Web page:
This past week Susan and I went to a local wildlife preserve in Mt. Airy to walk the trails and enjoy creation as I mentioned last week we all ought to do more often. When we arrived we picked up a map of the trails and proceeded down the appropriate path.

At some point in our walk it became clear we strayed from the prescribed path as we began to encounter these bushes with sharp thorns and big holes where all the Mt. Airy groundhogs must live. As we walked along I also realized I was no longer focused on all that was around me, but had become distracted by the thorn bushes and holes, making sure I avoided them as I walked. But the good news is after a short time we eventually made our way back to the right path and continued on using the map like a shepherd uses a staff to guide his sheep.

Now the 23rd Psalm has another implication we must consider. Sheep are entirely dependent on the shepherd for their safe return to the fold. You know sheep aren't the smartest animals in the kingdom, so left to themselves, sheep wonder off, get lost, and open themselves up to all kinds of danger. And you know what, you and I often times are no better. There are times when we aren't the sharpest tacks in the pack either. We wander off the "right paths" too. We get spiritually lost, and we expose ourselves to all kinds of danger, or at the very least we get distracted by the thorns and holes we encounter along our journey to the point we don't see the light, missing the goodness and mercy of the Lord. And yet during these times because the shepherd leads us, we need not "fear evil."

Notice too that the psalmist says it was the shepherd's rod and staff that brought him comfort. The rod is easy enough to understand it was the shepherd's weapon for fighting off the wild beasts. But the shepherd used his staff to guide and discipline the sheep. The sheep could sometimes be stubborn in their insistence on going their own way, which often times was the wrong way. And though a good shepherd would try to be as gentle as possible in correcting his sheep, there were times when he had to use his staff with force.

It was the staff, the psalmist said, that brought him comfort, because he understood that like sheep, he too had gone astray at one time or another. The shepherd knew that without the shepherd's staff, like the sheep, he would never make it to the promised "green pastures." Without the trail map Susan and I might be stuck in a ground hog hole to this day.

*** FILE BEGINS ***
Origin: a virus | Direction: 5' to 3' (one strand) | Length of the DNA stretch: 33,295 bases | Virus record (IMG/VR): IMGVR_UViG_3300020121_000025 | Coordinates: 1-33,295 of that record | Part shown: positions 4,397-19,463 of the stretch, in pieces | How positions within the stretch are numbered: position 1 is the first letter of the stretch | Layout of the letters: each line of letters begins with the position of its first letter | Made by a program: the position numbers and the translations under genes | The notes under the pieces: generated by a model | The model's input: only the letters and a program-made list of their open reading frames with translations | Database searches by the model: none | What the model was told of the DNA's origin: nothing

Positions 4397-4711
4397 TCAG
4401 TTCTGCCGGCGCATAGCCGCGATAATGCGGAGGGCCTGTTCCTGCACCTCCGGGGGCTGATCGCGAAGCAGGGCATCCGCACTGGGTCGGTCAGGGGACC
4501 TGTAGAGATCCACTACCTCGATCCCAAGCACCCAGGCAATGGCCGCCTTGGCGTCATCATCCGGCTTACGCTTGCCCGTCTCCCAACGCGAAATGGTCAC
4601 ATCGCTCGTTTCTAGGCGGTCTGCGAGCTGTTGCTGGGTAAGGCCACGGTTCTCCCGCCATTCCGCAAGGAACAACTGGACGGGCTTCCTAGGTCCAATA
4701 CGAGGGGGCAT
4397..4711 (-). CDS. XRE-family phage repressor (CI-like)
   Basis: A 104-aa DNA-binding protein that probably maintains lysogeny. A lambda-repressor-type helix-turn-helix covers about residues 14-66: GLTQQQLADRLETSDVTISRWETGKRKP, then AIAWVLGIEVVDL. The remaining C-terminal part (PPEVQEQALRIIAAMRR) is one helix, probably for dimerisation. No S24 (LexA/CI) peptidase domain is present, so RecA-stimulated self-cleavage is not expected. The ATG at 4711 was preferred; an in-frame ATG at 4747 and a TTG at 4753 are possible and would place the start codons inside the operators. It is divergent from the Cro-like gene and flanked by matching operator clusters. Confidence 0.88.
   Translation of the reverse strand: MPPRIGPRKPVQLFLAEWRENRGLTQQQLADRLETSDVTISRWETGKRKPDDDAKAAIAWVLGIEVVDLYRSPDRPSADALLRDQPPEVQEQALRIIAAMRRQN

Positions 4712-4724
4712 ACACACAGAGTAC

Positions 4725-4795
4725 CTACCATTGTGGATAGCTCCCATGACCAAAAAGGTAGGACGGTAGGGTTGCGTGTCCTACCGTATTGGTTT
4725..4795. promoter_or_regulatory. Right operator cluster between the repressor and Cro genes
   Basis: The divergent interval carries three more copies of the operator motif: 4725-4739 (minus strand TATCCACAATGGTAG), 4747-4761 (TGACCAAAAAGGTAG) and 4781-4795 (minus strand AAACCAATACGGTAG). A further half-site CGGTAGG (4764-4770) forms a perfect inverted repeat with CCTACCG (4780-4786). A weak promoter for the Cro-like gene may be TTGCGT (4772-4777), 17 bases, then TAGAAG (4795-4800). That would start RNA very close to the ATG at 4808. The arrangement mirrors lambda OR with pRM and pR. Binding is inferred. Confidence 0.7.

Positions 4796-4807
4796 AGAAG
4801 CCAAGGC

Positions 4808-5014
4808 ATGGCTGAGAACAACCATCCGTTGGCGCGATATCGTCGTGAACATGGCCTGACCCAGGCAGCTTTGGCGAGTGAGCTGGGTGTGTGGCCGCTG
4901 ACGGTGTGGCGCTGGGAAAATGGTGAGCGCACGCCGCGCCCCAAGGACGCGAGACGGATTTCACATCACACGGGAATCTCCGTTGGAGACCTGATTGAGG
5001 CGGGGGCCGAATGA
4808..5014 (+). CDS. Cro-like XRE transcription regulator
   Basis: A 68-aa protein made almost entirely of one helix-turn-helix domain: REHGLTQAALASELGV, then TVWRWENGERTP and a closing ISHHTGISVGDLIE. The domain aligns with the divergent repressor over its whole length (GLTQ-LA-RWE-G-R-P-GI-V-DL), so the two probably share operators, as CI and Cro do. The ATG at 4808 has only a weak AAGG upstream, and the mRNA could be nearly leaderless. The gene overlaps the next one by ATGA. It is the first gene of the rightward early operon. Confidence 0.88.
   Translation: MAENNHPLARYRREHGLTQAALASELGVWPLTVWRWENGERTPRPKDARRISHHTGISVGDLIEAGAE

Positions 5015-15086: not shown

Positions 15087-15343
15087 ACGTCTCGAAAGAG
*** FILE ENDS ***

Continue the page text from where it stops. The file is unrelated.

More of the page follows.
So what about us? Well Jesus, in our Gospel reading, is speaking to the Jews. They want Jesus to plainly tell them whether he is the Christ or not. And Jesus responds, "I did tell you, but you do not believe. The miracles I do in my Father's name speak for me, but you do not believe because you are not my sheep. My sheep listen to my voice; I know them, and they follow me." This is a strong message but one we still need to hear today. To be the Good Shepherd's sheep we need to listen and believe.

Just as a shepherd protects his sheep, Jesus protects his people from eternal harm. Jesus is the Good Shepherd, our Good Shepherd. If we listen to his teachings, if we follow his leadings through the Holy Spirit, if we trust that he will provide for our needs, we will walk down the paths of righteousness, and we need not fear evil.

While we can expect to experience difficulties on earth and perhaps even suffer, Satan can't harm us or take away eternal life with God. Through Christ we have the promise of everlasting safety.

When we allow God our shepherd to guide us, we have contentment. Conversely when we choose to sin, we go our own way and can't blame God for the problems we get ourselves into. Our shepherd knows the "green pastures" and "still waters" that will restore us. But we will only reach these places by following him.

Know that Jesus prepares a table for us right in front of our enemies and this morning we will gather around that table as we celebrate the Lord's Supper together. He revives our hurting soul, and fills us with blessing to overflowing. Our Good Shepherd's love chases after us everyday of our lives, and one day we will dwell with him forever. Thanks be to God!